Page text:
Communicating Sustainability Guide
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Current climate change challenges ask for sustainability to become part of our cultural narrative. Talking about our organisation’s sustainability activities helps to normalise sustainability and make it part of day-to-day conversation. This guide helps communications professionals learn how to build a stronger sustainable brand by communicating their organisation’s sustainability activities. It gives the user a structure, insights and principles needed to develop external sustainability communications for the organisational specific situation.

Description of the tool

This guide is structured as a process to work through. The first step when designing a sustainability communication plan for an organisation is to get clear and specific about what we want to achieve. An organisation communicates to engage for action its audience, to enhance its experience or to build a brand. The process is based on a sequence of tools, such as: the Objective Map Tool, Audience Mapping Tool, Audience Profiling Tool, User Journey Mapping Tool, Measurement Framework and Message and Messaging Tool. For the best results, the creator recommend to work through the guide step by step.

Steps of application

To begin with, an organisation needs to define its objectives. For this process we use the Objective Map Tool (see the visual representation of the diagram below). After (1) drawing the diagram on a large piece of paper, we have (2) to list our organisation’ sustainability activities on post-it notes. (3) Next, follows the identification of the activities we can talk about by applying the greenwash tests to the list. The main greenwash tests are: the continual improvement test (is our organisation continually improving what it is doing in a specific area or has it done as much as it could realistically do? If the answer is yes, we can communicate the activity) and the truth test (are our claims true and presented in a way that isn’t designed to create an overly positive picture?). (4) We identify the quadrant for each activity (food, water, waste, energy, transport) and (5) the circle they sit in (circle is Engaging for Action; circle 2 represents Enhancing the Experience and circle 3 is for Building your Brand). Next step of the process involves the Audience Mapping and Prioritising Tool. It is important to think about how our sustainability activities could extend the audiences of our organisation. (1) After identifying the external audience groups for each activity in the Objectives Map, we will have to (2) prioritise them using the Audience Mapping and Prioritising Tool (visual representation below). Next in line is the understanding of the audience, with the help of the Audience Profiling Tool. The author of the guide gives us four dimensions to profile the audience taking into account: • What the audiences care about and value, • What their current attitudes are to sustainability and/or the specific issue our organisation is communicating, • Their expectations regarding our organisation, • The media channels they use. To further design our communication plan, we move to the communication channels & activities and use the following tool, The User Journey Mapping Tool, writing down: • a summary of the audience profile, • the objectives the organisation wants to focus on from the Objectives Map, • details for each objective, • list of the specific channels and activities the organisation can use to engage the audience and then, we need to prioritise the list, taking into account financial, time and other constraints. The process continues with the Measurement and evaluation Framework. The last tool used in the process is the Message and Messaging Tool. The message is what the organisation is saying and the messaging is how it says it.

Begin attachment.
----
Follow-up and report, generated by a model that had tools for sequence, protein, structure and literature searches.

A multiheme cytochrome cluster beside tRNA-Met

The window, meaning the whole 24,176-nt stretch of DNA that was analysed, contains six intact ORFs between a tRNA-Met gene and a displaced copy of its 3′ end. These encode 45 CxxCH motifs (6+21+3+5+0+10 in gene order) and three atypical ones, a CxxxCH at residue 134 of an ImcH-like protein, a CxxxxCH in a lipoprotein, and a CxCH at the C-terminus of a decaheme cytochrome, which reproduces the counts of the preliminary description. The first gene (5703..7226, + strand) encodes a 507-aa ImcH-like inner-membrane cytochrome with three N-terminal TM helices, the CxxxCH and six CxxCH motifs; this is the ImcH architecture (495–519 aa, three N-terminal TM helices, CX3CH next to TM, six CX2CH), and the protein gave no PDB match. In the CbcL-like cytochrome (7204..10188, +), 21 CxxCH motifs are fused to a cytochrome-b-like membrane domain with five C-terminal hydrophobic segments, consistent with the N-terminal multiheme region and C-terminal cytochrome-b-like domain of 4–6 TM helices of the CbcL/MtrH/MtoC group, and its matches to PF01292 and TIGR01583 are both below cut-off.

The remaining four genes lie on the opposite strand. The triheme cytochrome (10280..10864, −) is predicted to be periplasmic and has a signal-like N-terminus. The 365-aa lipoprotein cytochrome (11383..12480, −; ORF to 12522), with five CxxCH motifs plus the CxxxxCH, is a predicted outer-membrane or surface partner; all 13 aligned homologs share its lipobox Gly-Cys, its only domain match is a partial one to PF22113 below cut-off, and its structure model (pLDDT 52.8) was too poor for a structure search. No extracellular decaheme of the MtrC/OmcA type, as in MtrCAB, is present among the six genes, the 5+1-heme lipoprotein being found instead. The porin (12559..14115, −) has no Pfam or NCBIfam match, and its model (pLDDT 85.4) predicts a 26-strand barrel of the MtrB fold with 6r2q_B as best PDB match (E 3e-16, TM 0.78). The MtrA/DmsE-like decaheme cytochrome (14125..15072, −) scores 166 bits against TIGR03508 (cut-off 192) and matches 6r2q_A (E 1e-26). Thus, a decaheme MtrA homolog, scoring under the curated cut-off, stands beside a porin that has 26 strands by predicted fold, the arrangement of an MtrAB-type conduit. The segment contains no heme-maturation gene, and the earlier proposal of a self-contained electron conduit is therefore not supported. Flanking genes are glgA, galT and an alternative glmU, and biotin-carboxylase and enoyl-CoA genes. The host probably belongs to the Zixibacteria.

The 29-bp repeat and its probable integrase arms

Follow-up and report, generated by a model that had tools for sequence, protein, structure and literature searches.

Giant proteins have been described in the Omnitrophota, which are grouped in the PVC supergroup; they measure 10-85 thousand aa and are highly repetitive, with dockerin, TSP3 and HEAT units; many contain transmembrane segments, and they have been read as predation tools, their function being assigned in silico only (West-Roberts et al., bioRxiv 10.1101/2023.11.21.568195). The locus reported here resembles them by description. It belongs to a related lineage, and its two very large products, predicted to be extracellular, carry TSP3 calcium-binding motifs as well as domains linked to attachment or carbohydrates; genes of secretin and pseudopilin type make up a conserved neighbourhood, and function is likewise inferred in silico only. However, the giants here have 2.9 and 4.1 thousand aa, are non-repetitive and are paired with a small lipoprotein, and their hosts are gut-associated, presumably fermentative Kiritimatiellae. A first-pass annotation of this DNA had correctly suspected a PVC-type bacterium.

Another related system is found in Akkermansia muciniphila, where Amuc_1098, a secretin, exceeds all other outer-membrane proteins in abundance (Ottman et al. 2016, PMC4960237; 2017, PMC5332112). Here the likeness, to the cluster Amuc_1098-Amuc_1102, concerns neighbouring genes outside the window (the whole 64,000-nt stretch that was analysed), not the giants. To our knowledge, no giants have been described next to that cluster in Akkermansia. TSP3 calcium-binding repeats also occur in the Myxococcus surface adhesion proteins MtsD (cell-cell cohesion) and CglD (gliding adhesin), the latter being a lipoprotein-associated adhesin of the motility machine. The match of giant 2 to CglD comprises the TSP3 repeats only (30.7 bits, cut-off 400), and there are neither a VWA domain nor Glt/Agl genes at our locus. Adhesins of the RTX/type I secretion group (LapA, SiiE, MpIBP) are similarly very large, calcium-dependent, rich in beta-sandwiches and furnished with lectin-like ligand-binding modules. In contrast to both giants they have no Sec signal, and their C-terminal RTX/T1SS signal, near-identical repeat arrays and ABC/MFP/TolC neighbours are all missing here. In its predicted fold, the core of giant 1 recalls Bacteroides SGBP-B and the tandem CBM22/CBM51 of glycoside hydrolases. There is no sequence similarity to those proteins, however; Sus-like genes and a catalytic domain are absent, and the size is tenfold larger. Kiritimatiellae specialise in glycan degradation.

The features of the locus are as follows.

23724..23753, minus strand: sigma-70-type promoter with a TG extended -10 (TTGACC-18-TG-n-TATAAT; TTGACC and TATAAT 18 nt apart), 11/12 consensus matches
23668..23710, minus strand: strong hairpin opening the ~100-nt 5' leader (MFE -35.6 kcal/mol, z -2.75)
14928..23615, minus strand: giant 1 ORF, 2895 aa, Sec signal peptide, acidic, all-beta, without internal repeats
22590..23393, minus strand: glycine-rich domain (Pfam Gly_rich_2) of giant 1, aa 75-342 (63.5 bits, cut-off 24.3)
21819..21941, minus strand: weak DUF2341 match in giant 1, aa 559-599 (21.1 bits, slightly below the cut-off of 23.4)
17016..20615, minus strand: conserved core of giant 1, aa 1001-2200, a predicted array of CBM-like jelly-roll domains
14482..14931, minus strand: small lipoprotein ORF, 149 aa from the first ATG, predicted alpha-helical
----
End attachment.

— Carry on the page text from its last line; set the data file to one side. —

Julie’s Bicycle is a London based charity that supports the creative community to act on climate change and environmental sustainability. The arts and creative industries have a leading role on environmental sustainability. Creativity and inspiration are resources for designing a greener economy, reach energy efficiency, challenge our reliance on fossil fuels, make creative use of otherwise wasted materials and open new ways to greener production and living.

Context of origin

Visual representation


Julie’s Bicycle Practical Guide: Communicating Sustainability, 2015



Julie’s Bicycle